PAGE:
Then I discovered a website about the way Asperger’s Syndrome (a form of autism) manifests itself in women, and for the first time, I saw myself. When I was forty-two and my son was nine, I finally got my diagnosis.
My son is sixteen now, and I asked him to help me with this essay (for a fair cut of the fee, of course). I handed him a print-out of a National Autistic Society webpage, called ‘Understanding an Autistic Parent: A Guide for Sons and Daughters’.
It consisted of answers to commonly asked questions, about parents who don’t seem to understand what people mean, or get cross when their child plays loud music, or stressed when they bring friends home. I asked my son to add his comments.
There were very few of them. Next to ‘Mum keeps on about school all the time and shouts at me if I don’t do things straight away’, he wrote, ‘Not this.’ In the section about loud music, he underlined the words ‘sensitive hearing’ and wrote, ‘Not with anything I do, just loud noises in general’ (a sensitivity that, incidentally, he shares).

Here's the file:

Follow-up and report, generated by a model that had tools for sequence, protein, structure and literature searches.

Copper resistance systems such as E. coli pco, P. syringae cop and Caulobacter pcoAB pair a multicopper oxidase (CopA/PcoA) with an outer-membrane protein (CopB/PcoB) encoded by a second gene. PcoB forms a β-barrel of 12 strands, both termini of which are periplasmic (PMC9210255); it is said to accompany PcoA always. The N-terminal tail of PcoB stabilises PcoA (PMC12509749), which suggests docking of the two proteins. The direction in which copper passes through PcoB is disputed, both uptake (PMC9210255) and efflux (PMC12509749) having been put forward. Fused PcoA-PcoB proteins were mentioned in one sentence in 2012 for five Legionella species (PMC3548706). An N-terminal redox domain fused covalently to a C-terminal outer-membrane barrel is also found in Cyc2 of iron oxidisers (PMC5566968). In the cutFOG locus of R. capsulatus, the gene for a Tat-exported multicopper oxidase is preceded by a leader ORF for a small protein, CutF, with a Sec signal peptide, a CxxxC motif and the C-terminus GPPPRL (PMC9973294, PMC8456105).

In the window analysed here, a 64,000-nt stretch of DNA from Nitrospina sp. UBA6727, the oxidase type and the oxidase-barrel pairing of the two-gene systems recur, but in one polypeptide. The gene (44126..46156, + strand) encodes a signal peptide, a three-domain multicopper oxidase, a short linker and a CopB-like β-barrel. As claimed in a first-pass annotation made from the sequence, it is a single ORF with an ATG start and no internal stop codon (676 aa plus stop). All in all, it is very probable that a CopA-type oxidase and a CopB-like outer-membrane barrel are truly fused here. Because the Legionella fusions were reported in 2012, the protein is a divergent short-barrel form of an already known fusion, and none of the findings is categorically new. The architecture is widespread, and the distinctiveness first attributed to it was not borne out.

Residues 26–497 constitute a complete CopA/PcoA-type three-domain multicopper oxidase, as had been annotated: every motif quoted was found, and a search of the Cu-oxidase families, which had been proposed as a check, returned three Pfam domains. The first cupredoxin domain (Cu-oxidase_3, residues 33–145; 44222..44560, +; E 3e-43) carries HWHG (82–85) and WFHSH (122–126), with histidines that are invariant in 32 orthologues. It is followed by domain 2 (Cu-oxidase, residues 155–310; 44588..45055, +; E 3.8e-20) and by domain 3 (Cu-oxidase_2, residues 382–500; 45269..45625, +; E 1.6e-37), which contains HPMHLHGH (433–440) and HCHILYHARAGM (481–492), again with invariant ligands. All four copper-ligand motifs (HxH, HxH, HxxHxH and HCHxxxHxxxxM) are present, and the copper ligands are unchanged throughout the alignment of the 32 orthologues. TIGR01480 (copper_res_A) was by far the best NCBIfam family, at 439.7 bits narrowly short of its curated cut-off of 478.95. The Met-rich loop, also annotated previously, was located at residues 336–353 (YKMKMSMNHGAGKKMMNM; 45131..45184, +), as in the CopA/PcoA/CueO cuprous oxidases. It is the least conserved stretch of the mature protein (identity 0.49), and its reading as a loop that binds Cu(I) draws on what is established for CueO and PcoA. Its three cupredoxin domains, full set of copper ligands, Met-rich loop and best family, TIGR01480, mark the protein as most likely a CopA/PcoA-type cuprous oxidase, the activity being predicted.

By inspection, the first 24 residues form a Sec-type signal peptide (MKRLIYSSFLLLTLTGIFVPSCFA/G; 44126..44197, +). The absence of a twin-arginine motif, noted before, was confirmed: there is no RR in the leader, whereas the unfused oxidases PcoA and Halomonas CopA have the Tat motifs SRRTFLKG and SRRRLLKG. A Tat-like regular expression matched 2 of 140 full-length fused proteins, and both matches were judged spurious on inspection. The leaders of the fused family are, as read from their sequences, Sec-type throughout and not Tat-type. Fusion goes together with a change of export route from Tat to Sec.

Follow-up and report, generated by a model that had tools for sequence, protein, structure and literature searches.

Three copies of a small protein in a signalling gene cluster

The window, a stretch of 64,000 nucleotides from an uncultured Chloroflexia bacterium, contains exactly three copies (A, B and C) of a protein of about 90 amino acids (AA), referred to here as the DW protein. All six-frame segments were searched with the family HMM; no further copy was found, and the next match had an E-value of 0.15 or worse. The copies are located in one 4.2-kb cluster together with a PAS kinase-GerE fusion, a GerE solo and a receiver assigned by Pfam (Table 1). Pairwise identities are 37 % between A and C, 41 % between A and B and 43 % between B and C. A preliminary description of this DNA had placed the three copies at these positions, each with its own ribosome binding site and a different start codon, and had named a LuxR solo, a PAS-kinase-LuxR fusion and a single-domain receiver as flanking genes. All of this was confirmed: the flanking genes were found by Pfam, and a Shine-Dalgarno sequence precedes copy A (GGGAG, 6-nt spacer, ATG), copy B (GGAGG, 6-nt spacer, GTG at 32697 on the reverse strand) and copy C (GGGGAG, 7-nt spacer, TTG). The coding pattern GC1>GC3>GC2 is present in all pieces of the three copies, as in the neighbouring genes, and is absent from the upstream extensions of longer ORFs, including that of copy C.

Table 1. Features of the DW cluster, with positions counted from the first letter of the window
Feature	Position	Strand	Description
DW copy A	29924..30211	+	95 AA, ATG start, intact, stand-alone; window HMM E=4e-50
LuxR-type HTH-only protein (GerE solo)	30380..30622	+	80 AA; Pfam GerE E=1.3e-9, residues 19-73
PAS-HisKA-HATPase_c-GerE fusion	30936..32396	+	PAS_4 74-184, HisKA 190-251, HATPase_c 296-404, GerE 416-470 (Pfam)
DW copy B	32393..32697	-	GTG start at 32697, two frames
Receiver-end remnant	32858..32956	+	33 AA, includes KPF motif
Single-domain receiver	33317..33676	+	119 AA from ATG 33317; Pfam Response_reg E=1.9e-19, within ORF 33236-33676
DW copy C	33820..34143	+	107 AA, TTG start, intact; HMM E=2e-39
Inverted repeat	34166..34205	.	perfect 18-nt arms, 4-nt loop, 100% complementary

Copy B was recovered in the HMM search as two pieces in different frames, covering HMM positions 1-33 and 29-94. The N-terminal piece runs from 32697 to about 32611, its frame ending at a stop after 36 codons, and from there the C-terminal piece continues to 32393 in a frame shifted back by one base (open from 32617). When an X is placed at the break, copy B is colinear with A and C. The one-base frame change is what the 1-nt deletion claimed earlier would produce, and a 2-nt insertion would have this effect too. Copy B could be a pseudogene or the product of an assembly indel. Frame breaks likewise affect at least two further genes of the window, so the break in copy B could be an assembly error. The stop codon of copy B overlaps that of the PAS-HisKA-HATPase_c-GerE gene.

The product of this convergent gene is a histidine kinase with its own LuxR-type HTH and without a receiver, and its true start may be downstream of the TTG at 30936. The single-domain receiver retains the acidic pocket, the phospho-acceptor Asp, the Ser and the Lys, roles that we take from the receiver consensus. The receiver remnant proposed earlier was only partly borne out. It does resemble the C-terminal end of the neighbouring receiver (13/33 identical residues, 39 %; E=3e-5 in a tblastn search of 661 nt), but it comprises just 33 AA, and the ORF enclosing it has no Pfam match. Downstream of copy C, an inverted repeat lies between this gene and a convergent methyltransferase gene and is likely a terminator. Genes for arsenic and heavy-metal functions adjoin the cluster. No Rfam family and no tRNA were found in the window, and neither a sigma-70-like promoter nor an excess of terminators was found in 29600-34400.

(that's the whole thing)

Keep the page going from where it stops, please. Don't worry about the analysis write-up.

Next to ‘My mum doesn’t seem to know if I’m feeling a bit down. Why is that?’ he put, ‘Sometimes the other way around; I say, ‘No, I’m fine’, which is what he has to do when I can’t read his face and worry that I’ve missed something.
His only strong agreement is with the statement ‘Mum gets stressed if something unexpected happens’, which has been annotated on both sides: in the left margin, with an arrow and ‘very this’ and in the right margin, with another arrow, ‘e.g. delayed trains’. It’s true: I don’t mind surprises if they’re pleasant, but travel disruption freaks me out.